David Moyes never thought replacing Sir Alex Ferguson as Manchester United manager was going to be easy and warned the transition may be a lengthy one.
Sunday's 4-1 defeat at Manchester City has brought an even sharper focus on Moyes than already existed following his appointment as Ferguson's successor in the summer.
Various reasons have been put forward for the scale of United's defeat at the Etihad Stadium, which is terms of its one-sided nature had more in common with the 5-1 drubbing Ferguson's team sustained at City's hands in 1989 rather than the hiding suffered at Old Trafford two years ago, when the visitors scored three in stoppage time.
But it did seem to be the day when long-held reservations about United's squad were exposed.
And Moyes knows the six-year contract he was handed when he left Everton in May took that reshaping into account.
"I don't think it was ever going to be the case this was going to be easy and smooth after Sir Alex," said Moyes.
"There was always going to be days like this and there might well be more days like this.
"I hope not, but there will be because that is football.
"It was always going to be tough following such a great manager with a great team and I think people with real football knowledge will know there are probably some changes to be made.
"It is not going to be made in one fell swoop. It is going to be done in time.
"That is why the Manchester United board realised the job that needed to be done was a long-term one."
It was said to Moyes at various stages of the summer that nothing could quite prepare him for life at United.
That has been brought into sharp focus by the reaction to Sunday's defeat, that has swung sharply between understanding and sympathetic to outright hostility.
"I thought I was (prepared) but obviously when you come here then I realise maybe it wasn't," said Moyes.
"It is a club on its own. It is a fantastic place to work with great players.
"But we have to do well enough to make sure people on the outside think the work we are doing is the right stuff."
Moyes insists he is still enjoying the club and, bizarrely, victory over Liverpool in the Capital One Cup third round at Old Trafford on Wednesday would mean he has enjoyed the best start to his tenure of any United manager since Sir Matt Busby.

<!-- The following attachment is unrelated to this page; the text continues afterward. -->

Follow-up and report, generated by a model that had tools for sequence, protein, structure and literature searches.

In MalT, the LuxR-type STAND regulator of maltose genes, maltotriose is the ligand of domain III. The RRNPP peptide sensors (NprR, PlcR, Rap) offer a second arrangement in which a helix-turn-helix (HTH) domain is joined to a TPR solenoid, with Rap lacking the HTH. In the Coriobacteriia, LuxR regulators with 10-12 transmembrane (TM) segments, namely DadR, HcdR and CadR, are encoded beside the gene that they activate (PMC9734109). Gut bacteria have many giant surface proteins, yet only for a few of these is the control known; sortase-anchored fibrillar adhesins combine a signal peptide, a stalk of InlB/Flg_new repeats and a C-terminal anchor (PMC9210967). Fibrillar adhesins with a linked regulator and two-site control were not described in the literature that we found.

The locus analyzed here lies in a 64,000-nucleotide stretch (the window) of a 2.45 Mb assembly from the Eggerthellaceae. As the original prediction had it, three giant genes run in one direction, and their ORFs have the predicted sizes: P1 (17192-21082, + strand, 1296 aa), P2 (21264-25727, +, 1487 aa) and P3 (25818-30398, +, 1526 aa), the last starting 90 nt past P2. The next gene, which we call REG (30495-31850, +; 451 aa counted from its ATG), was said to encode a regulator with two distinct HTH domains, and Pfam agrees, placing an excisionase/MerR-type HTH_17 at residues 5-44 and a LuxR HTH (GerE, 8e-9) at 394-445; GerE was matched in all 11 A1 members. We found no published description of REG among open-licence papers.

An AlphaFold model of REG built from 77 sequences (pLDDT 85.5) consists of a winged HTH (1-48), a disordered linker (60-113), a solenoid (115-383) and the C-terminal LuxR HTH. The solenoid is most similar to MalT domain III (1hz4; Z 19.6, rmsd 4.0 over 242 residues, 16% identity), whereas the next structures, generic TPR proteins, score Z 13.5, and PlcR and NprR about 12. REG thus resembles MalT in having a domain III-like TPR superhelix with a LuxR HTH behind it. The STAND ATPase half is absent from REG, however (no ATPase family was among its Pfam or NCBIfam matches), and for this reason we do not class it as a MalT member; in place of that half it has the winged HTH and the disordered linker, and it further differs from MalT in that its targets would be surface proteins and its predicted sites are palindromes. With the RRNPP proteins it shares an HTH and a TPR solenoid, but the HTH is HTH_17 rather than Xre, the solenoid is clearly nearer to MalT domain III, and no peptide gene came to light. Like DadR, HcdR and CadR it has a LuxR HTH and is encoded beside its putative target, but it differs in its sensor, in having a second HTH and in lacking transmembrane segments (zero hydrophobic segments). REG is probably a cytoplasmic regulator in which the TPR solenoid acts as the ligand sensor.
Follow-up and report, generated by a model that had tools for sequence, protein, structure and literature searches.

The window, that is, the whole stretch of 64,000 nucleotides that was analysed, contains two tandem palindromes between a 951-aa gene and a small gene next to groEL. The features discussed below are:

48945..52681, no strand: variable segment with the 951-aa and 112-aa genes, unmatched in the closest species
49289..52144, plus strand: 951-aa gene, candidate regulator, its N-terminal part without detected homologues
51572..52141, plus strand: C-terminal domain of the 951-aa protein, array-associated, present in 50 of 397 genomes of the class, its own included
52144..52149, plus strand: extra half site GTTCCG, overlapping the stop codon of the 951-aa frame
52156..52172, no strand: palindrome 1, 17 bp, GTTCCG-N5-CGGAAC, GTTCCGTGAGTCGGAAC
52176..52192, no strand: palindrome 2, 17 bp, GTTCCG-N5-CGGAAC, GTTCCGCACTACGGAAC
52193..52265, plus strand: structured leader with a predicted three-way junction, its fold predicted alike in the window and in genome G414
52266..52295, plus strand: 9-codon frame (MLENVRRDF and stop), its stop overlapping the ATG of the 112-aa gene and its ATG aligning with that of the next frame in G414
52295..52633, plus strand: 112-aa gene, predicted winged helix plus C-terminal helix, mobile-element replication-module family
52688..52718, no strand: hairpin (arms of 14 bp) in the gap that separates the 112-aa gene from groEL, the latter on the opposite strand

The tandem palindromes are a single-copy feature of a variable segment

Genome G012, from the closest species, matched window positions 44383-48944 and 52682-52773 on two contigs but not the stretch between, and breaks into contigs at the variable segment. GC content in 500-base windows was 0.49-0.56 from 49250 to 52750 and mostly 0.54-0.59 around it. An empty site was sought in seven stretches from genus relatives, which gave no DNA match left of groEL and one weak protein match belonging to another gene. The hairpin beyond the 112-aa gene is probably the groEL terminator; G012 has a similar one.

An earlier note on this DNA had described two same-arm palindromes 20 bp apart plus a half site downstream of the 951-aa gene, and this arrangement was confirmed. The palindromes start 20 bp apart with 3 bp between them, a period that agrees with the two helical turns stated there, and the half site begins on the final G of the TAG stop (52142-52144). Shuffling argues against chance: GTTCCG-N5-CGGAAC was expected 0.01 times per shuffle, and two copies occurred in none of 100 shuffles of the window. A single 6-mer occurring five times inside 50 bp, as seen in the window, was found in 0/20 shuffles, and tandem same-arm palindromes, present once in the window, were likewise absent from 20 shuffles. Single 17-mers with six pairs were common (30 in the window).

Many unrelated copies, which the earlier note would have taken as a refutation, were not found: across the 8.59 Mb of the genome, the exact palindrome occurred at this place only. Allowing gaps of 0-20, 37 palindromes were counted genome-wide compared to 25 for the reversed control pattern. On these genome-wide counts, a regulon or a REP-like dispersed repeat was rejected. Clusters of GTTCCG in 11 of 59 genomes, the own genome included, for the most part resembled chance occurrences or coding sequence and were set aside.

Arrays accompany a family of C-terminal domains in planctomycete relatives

Not that there was much consolation to be gained in such spurious facts in the immediate aftermath of the City debacle.
"Yeah, it did," said Moyes, when asked in the manner of defeat had shocked him.
"But when you're a football manager for the length of time I have been you are always going to have shocks."
Liverpool manager Brendan Rodgers accepts he may have made some unpopular decisions but he insists it is all for the good of the club.
Despite guiding the Reds to the top of the table with a 100 per cent record after three matches his judgement has continued to be questioned in some quarters.
Letting established goalkeeper Jose Reina go out on loan to Napoli this summer was greeted with incredulity by some, although his replacement Simon Mignolet's early performances have gone some way to assuaging doubts.
Only last weekend Rodgers' decision to field four centre-backs in defence in the 1-0 defeat to Southampton was roundly criticised.
But the Northern Irishman insists he is only concerned with the long-term future of the club and will continue to make calls he feels are necessary in order to restore the Reds back into Europe's elite.
"I know I can sleep at night knowing I will do the very best for the supporters and the club," he told talkSPORT.
"Sometimes, especially at the beginning of something which is delicate and difficult, you'll make decisions which maybe are unpopular.
"But I want to be the one who steers the club back in the direction it should be going in and that is not easy."
While some of his other decisions may have been questioned the stance Rodgers took over Luis Suarez this summer, with the player openly criticising his manager and the club for reneging on a deal to allow him to leave for a Champions League side, was praised.
Rodgers will be looking for some sort of payback from the 26-year-old on his return to the side in the Capital One Cup against Manchester United at Old Trafford.
"Now he comes back we are getting a B£50-60million striker back in the team and that is exciting for us," he added.
Liverpool missed the creativity of injured playmaker Philippe Coutinho at the weekend after the 21-year-old underwent surgery on a shoulder problem. He is unlikely to be fit again until the end of October.